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Merle

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The Gathering Storm by Kate Elliott

The Gathering Storm - Kate Elliott

A disclaimer: for someone who’s read a lot of fantasy, I am not a big series reader. In fact, after beginning Crown of Stars I realized that, should I make it through all seven volumes, it would become the only completed adult epic fantasy series longer than a trilogy that I'd ever read in its entirety. Every word there counts: I’ve read entire epic fantasy series for younger readers, mostly when I was one. I’ve read series that wouldn’t quite count as “epic fantasy,” because they ended, then added previously-unplanned sequels after proving to be popular. I’ve read every volume of one lengthy and ongoing fantasy series, and an embarrassing number of a series that went bad long before I stopped reading. And I’ve read a whole lot of trilogies. But seven-volume series are not my thing. I expect every book I read to have something new, different, and exciting to offer; simply continuing to offer up the same characters and world, no matter how much I initially enjoyed them, doesn’t cut it.

All that said, in my view this book worsens the slump that began in book four. First, because Liath and Alain have yet to be fully re-integrated into the story after their otherworldly journeys in the previous volume. Liath spends most of the book in a time-travel warp, while Alain loses most of his memory and spends the book ping-ponging from one captivity to another. (Alain is not the only character to spend much of the book detained by somebody or other, but he definitely logs the greatest number of abductions, for those keeping score at home.) With the possible exception of Sanglant, the rest of the cast have never been interesting enough to carry the story on their own. The POVs of Stronghand, Zacharias, Anna and Ivar could all still be removed without significant harm to the story; Rosvita and Hanna are more relevant but not complex enough to merit starring roles. Without strong plotlines for Liath and Alain – and set in a world by this point well-established – this installment isn’t nearly as exciting as the first three. But it is the longest yet.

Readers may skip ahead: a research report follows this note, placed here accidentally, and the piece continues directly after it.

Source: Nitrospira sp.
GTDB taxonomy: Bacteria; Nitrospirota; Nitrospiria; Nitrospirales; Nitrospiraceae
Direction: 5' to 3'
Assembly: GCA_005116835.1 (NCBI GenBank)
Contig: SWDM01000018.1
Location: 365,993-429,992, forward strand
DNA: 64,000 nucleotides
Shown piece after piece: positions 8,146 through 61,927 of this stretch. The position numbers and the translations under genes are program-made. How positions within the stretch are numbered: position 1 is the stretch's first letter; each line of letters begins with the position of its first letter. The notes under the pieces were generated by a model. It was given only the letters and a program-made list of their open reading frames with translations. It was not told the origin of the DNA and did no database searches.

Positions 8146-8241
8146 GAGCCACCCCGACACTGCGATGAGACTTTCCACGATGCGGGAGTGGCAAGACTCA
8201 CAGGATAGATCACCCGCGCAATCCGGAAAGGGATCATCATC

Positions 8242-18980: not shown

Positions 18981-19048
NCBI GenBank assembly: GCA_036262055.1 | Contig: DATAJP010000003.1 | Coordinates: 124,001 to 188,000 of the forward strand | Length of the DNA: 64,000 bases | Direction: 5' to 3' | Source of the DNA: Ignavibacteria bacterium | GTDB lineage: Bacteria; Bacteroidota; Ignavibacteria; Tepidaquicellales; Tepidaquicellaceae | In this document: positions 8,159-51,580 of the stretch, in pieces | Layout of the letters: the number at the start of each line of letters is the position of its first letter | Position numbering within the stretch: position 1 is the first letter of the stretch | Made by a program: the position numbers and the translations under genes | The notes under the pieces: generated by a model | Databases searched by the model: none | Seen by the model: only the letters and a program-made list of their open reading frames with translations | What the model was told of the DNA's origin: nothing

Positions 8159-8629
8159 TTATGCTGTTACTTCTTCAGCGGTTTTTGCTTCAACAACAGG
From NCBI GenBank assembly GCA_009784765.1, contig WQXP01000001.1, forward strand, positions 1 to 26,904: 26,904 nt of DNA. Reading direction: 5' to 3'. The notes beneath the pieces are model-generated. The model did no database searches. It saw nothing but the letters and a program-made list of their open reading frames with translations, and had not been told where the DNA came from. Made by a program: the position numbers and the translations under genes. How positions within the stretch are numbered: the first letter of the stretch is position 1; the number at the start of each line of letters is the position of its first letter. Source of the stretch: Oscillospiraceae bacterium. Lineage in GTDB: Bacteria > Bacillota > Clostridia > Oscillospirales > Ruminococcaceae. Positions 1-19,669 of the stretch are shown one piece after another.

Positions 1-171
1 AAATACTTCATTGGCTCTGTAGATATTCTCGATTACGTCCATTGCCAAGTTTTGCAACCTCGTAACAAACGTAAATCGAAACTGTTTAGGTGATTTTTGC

Second, the plot doesn’t quite work. One admirable aspect of this series is its progression of antagonists. Rather than one seven-volume standoff, the series so far has featured several major conflicts that each lasted for a book or two, with the seeds for later plots planted early on. Its only constant villains never openly declare themselves, but rather take advantage of any situation. All that keeps things fresh. The downside here is that the impending-cataclysm and ensorcelled-king plotlines aren’t as interesting as the plots in previous books. It’s never clear exactly what our heroes should be doing about all this, which prevents much real momentum from building. And their ultimate actions seem more a result of luck and others’ off-screen decisions than their own efforts, rendering the preceding several hundred pages of questing and minor POVs superfluous.

Also, the book loses points for some truly moronic character decisions . . . letting valuable and dangerous prisoners loose; letting valuable and dangerous prisoners loose and allowing them to carry off one’s own young child as a hostage . . . clearly the plot required more villainy from said prisoners, but surely it doesn’t also require our heroes to be too stupid to live?

Anyway, I’ll call this 2.5 stars because while it is padded, it’s also reasonably enjoyable. While the plot doesn’t coalesce in a very satisfying way, it does keep moving, rather than bogging down in endless travels or squabbles like some fantasy sequels. And it ends in an interesting place, blowing much of the story wide open in a way that provides a lot of possibilities for the final two books. I do plan to read on, but not immediately.